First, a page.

tralac Daily News
Covid-19 caused disruptions to supply-lines of basic medicines and equipment needed to save lives, it imposed huge costs on local economies and it laid bare the challenges the African continent faced even before the pandemic. Global economic integration comes with clear benefits, through the access to the technologies and innovations from across the world. But the benefits of highly integrated supply-chains come with enormous vulnerabilities when they are disrupted. If there is to be a legacy from this painful period, it must be to rethink development and indeed build a continental framework for greater economic resilience and industrialisation.
New Seychelles airline to launch as cargo carrier, due to pandemic (Engineering News)
Private-sector startup airline Seychelles International Airways (SIA) has announced that it will commence operations on September 10 as a cargo-only carrier, because of the Covid-19 pandemic. It will initiate its services with a four-engined Airbus A340-600, it announced in a press conference, the Seychelles News Agency reported. “We are not focusing on passenger flights at the moment unless there is a demand or a chartered flight, which will follow all procedures of the health department,” said SIA CE Robert Marie. “We are focusing on bringing cargo into the country as we feel and have evidence that Seychelles needs cargo.”
The Kenya Ports Authority (KPA), Kenya Pipeline Company (KPC) and Kenya Railway have formally signed a framework for joint operations under the Kenya Transport and Logistics Network to be overseen by the National Treasury (KTLN). The framework signed on Tuesday followed the establishment of KTLN on August 7 through an Executive Order by President Uhuru Kenyatta.
Sh3.3trn bulk cash transfers signal business activity uptick (Business Daily)
Real-time bank transfers of more than Sh1 million recovered from a 26-month low to touch a new monthly record in July as authorities started easing Covid-19 trade and travel restrictions. Transactions cleared and settled through the Kenya Electronic Payments and Settlement System and Real Time Gross Payment System (KEPSS/RTGS) amounted to Sh3.32 trillion in July, the month when businesses started reporting increased activity, according to latest statistics.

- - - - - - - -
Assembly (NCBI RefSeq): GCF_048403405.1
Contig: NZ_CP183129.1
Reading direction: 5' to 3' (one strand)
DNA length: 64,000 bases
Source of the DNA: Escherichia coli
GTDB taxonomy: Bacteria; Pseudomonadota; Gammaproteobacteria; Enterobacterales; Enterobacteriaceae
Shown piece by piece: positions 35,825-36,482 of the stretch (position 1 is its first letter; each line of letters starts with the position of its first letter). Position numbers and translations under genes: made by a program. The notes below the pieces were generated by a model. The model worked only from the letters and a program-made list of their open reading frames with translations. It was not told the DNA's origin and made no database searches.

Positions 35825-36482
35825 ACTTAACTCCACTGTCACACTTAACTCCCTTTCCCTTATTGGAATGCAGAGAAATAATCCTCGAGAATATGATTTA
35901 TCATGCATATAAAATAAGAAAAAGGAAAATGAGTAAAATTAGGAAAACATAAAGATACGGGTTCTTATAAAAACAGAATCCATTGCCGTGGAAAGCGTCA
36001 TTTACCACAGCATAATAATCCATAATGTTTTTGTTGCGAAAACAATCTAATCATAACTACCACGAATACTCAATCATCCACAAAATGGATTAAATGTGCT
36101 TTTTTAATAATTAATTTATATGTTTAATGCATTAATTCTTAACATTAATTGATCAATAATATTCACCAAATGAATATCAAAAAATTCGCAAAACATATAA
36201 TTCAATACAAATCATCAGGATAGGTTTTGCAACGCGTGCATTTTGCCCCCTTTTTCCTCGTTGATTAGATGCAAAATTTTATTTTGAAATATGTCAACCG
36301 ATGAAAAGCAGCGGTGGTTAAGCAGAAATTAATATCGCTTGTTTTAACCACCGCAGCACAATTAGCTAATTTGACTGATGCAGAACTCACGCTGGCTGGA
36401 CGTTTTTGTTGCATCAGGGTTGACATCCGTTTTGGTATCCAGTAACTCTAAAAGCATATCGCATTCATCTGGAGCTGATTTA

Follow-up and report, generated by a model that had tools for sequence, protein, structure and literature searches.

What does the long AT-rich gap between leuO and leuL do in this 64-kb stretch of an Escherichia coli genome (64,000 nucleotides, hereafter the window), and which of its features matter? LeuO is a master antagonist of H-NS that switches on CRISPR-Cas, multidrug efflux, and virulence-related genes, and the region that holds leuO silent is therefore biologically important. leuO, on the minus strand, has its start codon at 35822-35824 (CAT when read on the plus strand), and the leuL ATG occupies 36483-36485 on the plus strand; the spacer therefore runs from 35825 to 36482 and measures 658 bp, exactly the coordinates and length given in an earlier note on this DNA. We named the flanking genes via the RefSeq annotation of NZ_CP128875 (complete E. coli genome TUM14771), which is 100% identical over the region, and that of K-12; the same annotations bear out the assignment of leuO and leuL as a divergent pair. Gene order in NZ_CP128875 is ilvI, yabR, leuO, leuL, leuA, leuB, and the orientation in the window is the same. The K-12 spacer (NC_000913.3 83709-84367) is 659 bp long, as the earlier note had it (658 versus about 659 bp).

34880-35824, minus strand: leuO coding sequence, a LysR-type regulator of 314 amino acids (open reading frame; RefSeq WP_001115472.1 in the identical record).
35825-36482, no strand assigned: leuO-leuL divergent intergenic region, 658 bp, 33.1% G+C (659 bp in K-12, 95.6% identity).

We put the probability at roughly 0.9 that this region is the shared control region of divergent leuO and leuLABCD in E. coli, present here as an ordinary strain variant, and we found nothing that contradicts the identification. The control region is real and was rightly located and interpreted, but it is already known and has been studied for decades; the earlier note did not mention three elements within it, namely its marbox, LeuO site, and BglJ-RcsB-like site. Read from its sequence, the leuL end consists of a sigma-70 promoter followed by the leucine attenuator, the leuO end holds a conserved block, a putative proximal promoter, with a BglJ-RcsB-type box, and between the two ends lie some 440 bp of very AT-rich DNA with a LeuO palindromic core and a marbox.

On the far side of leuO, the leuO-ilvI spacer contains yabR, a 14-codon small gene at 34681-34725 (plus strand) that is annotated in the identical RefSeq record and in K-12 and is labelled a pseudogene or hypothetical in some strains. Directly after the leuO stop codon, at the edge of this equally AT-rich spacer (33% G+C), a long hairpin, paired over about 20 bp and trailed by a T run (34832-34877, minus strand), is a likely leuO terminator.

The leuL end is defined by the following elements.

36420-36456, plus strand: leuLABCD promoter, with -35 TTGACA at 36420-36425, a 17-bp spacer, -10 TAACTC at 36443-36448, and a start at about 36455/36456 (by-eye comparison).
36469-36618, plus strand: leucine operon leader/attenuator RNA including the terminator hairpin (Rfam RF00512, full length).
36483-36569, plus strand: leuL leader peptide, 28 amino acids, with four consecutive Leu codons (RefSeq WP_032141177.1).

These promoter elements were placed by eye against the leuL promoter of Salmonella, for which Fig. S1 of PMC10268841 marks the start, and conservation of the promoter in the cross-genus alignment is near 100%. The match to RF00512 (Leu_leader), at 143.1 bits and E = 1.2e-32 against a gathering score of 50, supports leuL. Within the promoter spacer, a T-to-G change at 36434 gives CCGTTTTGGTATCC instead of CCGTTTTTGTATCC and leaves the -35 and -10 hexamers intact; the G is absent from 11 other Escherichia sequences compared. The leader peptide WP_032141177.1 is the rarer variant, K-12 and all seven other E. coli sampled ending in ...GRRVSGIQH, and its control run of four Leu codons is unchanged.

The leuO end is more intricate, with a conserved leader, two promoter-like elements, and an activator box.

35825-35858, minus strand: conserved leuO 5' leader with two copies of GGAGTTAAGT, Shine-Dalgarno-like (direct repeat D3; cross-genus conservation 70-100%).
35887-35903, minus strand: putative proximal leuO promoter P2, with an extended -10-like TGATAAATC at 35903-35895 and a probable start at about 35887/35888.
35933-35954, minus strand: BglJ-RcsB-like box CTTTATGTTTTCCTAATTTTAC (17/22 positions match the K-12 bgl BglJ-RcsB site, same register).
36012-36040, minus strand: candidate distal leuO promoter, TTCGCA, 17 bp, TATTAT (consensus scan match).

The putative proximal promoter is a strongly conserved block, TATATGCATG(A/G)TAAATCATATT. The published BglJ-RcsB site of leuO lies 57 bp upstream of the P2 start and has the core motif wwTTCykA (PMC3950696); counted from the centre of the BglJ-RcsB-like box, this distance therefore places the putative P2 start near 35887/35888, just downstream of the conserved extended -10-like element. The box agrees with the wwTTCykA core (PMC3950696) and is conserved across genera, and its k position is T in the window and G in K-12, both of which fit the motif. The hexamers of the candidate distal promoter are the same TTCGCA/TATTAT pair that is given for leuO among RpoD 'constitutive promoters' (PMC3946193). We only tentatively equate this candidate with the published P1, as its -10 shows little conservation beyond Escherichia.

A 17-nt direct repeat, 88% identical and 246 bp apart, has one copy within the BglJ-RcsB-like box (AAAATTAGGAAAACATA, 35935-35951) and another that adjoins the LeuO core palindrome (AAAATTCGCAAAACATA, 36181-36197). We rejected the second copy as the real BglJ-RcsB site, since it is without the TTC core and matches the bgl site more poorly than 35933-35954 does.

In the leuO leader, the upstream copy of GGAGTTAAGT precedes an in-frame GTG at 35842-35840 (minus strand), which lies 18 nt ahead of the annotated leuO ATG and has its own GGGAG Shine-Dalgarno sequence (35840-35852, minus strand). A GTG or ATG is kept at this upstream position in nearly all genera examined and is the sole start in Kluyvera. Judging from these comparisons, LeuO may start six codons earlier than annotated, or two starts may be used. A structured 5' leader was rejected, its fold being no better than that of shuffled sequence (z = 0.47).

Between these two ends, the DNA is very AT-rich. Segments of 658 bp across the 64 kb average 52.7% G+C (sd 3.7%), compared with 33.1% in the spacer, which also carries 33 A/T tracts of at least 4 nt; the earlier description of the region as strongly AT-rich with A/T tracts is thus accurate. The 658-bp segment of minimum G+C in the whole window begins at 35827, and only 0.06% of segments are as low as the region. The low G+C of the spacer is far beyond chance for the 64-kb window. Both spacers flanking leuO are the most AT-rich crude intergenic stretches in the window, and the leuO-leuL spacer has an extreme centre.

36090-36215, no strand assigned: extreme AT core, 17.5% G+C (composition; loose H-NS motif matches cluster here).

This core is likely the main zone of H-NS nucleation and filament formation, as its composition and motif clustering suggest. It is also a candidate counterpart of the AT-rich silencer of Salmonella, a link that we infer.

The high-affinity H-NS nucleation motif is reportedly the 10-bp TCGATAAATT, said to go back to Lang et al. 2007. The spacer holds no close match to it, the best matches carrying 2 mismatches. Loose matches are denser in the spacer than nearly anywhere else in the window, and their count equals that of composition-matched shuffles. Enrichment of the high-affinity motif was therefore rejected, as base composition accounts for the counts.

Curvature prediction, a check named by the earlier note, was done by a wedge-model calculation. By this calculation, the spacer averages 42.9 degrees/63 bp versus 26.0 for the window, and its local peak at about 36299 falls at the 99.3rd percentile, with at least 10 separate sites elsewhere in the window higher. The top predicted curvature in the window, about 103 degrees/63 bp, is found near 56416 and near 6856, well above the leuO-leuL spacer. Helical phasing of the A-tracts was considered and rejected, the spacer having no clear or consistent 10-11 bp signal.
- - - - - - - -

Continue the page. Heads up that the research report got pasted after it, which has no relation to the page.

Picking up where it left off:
Ethiopia to make, export Covid-19 test kits with China’s help (The East African)
As Covid-19 cases continued to climb sharply, Ethiopia’s Ministry of Health on Sunday announced that the country will start manufacturing its own test kits with China’s help. Manufacturing the test kits locally will help Ethiopia, Africa’s second most populous nation of over 106 million people, to boost its national Covid-19 testing capacity.
The federal government yesterday stepped up efforts on two fronts to douse tensions generated by the double whammy of the increase in petrol pump price and electricity tariffs with Vice President Yemi Osinbajo saying the hike in the cost of the two items was not to inflict pains on Nigerians. Earlier, a new tariff regime in the power sector, under which the price of a kilowatt per hour of electricity had more than doubled, had taken effect from September 1. The Minister of Finance, Budget and National Planning, Mrs. Zainab Ahmed, had last Thursday shed light on why the federal government was forced to stop fuel subsidy, saying it constituted a drain on the country’s meagre resources. She had explained that all the decisions were geared towards weathering the current headwinds posed by the COVID-19 pandemic. The presidency followed up with a statement on Sunday in which it said but for a myriad of economic challenges caused by the COVID-19 pandemic, the president would not have allowed the rise in the pump price of petrol to protect the vulnerable.
Regional and continental news
The East Africa Community Secretariat and its Partner States will virtually launch RECDTS that will issue jointly recognised EAC COVID-19 digital certificates today, 8 September 2020. The App provides a surveillance system to monitor long distance truckers crew health and enable contact tracing. It allows partner states to electronically share truck drivers’ COVID-19 test results; therefore, minimising need for multiple COVID-19 tests in a single trip. The reliance on manual certificates and delayed test results at the borders has been reported as one of the main reasons for costly long delays at border points.
AfDB contributes to regional food security through forum (Naija247news)